See the Virtual Book Launch for David Bowie and Romanticism

If you weren’t able to join us for the virtual book launch for David Bowie and Romanticism (Palgrave Macmillan 2022), you can watch the recording below. Held live on location at Savvy Vinyl Records on 28 Laurie St. in Melbourne, FL. Many thanks to Michelle and Martha for their generosity hosting the book launch.

Many thanks to contributors Eric Pellerin, William Levine, Samuel Gladden, Aglaia Venters, Paul Rowe, Jennifer Lodine-Chaffey, and Julian Knox for their time and contributions, and to guests Sherry Truffin and Alicia Daily for their contributions and insights.

Support a working author by purchasing the book on his website or feed the corporation machine.

Virtual Book Launch for David Bowie and Romanticism

Check out the book and, if you like it, order the book.

Please join us for a virtual book launch for David Bowie and Romanticism on Saturday, September 17th, from 12:00 p.m. to 3:00 p.m. ET via Zoom and Instagram Live Feed @rock.and.romanticism. Contributors will be discussing their chapters.

I’ll be on location at the Melbourne, FL record store Savvy Vinyl Records. It’s a small, independent, woman-owned and operated business. 

Note that FL recently voted for permanent Daylight Savings Time. 

12:00-12:15 Introduction to the book and welcome to the event. Virtual walk through of Savvy Vinyl Records. 
12:15-12:30 Eric Pellerin, “Drug Use and Drug Literature from the Eighteenth Century to David Bowie”
12:35-12:50 William Levine, “Capitalist Co-optation, Romantic Resistance, and Bowie’s Allegorical Performance in Nicolas Roeg’s The Man Who Fell to Earth
12:55-1:10 Samuel Gladden, “‘Rebel Rebel’: Bowie as Romantic ‘Type’”
1:15-1:30 Aglaia Venters, “The Goblin King, Absurdity, and Nonbinary Thinking” 

1:35-1:50 Paul Rowe, “Relics of The Future: The Melancholic Romanticism of Bowie’s Berlin Triptych”
1:55-2:10 Jennifer Lodine-Chaffey, “’Blackstar’: David Bowie’s Twenty-First-Century Ars Moriendi
2:15-2:30 Julian Knox, “Too Late to Be Late Again: David Bowie, the Late 1970s, and Romanticism”
2:35-2:50 Julian and Jim talk about Romanticism and Heavy Metal
2:50-3:00 wrap up

If you’d like to join the Zoom session rather than watch on Instagram, please email me at jamesrovira (at) gmail (dot) com for the meeting ID and password. 

Read more about the book at https://jamesrovira.com/2022/09/02/david-bowie-and-romanticism/

David Bowie and Romanticism is now available for 20% off through October 17th. See The Bookstore for details.

David Bowie and Romanticism

David Bowie and Romanticism

Support the author by purchasing the book directly from him with the request “DBR” or by using the link below. Check out the bookstore for a special price through October 17th.

David Bowie and Romanticism

20% off until October 17th! Hardcover: regularly $119.00, on sale for $96.00, 4-6 week delivery. ebook: regularly $89.00, on sale for $53.00, direct from author $35.00! 48 hour delivery in .pdf format. David Bowie and Romanticism (Palgrave Macmillan, 2022) studies the life and work of David Bowie against the background of eighteenth- and nineteenth-century art and literature. The book is hardcover with library binding and acid resistant paper. Shipping included. HARDCOVER ORDER HERE. ISBN: 978-3-030-97622-4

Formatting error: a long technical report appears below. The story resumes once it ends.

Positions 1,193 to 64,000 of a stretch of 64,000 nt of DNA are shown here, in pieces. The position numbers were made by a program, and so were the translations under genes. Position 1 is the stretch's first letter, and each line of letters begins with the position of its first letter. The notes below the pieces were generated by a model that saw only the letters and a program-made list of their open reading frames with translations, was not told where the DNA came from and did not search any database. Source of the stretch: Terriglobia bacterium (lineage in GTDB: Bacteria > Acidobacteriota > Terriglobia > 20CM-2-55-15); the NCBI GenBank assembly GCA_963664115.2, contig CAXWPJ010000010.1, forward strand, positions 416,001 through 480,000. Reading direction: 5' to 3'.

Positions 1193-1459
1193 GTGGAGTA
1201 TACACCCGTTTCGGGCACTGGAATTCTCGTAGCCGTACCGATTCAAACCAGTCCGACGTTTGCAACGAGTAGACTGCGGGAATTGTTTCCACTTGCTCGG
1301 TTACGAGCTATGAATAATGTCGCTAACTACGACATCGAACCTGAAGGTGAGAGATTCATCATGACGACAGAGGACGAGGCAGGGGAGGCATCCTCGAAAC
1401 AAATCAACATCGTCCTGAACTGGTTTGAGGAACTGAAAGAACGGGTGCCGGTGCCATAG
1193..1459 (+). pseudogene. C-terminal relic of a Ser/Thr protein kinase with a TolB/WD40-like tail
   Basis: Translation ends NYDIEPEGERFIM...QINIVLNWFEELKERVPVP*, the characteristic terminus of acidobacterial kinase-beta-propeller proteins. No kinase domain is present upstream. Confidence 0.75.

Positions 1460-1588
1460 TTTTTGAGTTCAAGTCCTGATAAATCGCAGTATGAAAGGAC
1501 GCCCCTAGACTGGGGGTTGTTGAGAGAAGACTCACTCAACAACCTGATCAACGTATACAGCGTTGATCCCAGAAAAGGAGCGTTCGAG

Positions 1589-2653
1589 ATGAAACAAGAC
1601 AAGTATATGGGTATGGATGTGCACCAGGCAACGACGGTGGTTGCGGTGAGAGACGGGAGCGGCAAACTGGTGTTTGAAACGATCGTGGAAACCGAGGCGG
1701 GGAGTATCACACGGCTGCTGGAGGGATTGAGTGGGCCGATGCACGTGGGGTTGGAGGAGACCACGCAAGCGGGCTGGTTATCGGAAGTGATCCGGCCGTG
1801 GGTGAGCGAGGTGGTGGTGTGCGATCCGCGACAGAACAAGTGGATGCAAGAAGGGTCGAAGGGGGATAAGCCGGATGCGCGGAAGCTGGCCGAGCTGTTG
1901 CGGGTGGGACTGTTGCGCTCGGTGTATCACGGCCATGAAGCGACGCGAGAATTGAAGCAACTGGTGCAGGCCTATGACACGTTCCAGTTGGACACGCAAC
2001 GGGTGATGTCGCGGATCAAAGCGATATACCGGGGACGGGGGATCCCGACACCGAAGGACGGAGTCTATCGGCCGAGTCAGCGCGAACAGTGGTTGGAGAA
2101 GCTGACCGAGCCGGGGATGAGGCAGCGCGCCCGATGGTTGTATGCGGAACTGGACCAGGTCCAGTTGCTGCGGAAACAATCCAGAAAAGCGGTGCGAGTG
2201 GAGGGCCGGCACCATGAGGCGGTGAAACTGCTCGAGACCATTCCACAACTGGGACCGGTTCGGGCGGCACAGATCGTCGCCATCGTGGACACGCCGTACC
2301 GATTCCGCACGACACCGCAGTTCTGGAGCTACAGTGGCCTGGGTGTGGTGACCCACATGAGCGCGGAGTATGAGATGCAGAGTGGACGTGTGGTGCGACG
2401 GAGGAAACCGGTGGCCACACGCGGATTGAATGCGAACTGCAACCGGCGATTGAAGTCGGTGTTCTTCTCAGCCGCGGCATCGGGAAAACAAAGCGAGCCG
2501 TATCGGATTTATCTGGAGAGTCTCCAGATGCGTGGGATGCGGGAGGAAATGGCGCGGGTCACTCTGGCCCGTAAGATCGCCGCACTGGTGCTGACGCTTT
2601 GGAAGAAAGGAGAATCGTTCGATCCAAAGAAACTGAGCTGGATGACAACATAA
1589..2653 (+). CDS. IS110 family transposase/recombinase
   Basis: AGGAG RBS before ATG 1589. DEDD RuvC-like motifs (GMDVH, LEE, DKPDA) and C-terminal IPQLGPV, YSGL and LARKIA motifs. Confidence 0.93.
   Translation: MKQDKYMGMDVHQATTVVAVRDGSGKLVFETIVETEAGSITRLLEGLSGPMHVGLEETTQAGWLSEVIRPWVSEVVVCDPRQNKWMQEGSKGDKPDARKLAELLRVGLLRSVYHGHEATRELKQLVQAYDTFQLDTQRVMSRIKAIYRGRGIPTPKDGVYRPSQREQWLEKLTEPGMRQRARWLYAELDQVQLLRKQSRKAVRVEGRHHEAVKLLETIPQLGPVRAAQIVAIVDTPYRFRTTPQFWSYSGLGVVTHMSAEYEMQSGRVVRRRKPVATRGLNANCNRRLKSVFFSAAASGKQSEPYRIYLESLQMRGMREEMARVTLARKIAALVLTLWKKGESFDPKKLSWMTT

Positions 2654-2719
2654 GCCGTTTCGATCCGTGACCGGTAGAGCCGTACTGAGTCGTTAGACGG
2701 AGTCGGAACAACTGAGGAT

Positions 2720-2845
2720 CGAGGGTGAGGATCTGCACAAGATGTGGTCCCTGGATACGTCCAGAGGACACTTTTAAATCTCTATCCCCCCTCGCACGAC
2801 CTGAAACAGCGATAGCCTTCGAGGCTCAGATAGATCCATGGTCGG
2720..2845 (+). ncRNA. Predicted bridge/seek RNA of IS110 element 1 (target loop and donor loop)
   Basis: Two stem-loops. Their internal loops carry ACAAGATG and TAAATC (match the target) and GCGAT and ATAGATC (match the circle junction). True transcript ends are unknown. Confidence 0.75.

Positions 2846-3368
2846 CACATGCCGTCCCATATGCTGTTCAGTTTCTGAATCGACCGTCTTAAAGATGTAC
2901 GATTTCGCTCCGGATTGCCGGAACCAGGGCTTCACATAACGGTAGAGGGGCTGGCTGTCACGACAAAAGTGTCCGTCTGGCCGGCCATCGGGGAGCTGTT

$96.00

I’m pleased to announce the release of David Bowie and Romanticism, an edited anthology that evaluates Bowie’s music, film, drama, and personae alongside eighteenth- and nineteenth-century poets, novelists, and artists. These chapters expand our understanding of both the literature studied and Bowie’s music, exploring the boundaries of reason and imagination and of identity, gender, and genre. This collection uses the conceptual apparata and historical insights provided by the study of Romanticism to provide insight into identity formation, drawing from Romantic theories of self to understand Bowie’s oeuvre and different periods of his career, and it discusses key themes in Bowie’s work to analyze what Bowie has to teach us about Romantic art and literature as well.

Chapters as follows:

  • Introduction: David Bowie and Romanticism, James Rovira, pp. 1-29
  • David Bowie and Romantic Androgyny, James Rovira, pp. 31-52
  • Negative Capability in Space: The Romantic Bowieverse, Shawna Guenther, pp. 53-68
  • Drug Use and Drug Literature from the Eighteenth Century to David Bowie, Eric Pellerin, pp. 69-86
  • Capitalist Co-optation, Romantic Resistance, and Bowie’s Allegorical Performance in Nicolas Roeg’s The Man Who Fell to Earth, William Levine, pp. 87-115
  • Too Late to Be Late Again: David Bowie, the Late 1970s, and Romanticism, Julian Knox, pp. 117-139
  • Relics of The Future: The Melancholic Romanticism of Bowie’s Berlin Triptych, Paul Steven Rowe, pp. 141-161
  • “Rebel Rebel”: Bowie as Romantic “Type,” Samuel Lyndon Gladden, pp. 163-184
  • The Goblin King, Absurdity, and Nonbinary Thinking, Aglaia Maretta Venters, pp. 185-213
  • 1. Outside as Bowie’s Gothic Technodrama: Fascism and the Irrational Near the Turn of the Millennia, James Rovira, pp. 215-255
  • “Blackstar”: David Bowie’s Twenty-First-Century Ars Moriendi, Jennifer Lillian Lodine-Chaffey, pp. 257-275
  • Back Matter, pp. 277-298

Individual chapter abstracts for David Bowie and Romanticism can be found on the publisher’s website, where you can order the book or individual chapters.

Check out my iTunes playlist for the book, which lists every song in the order in which it appears.

Cover art by Rebekah Rovira.

Notes on Derrida

I’ve been reading Derrida for a forthcoming publication, so I’m just thinking out loud here. I invite other readers to join with me. Nothing I’m writing here attempts to engage the published scholarship on these topics.

Comments on Writing and Difference:

For being an atheist, he writes a lot about God.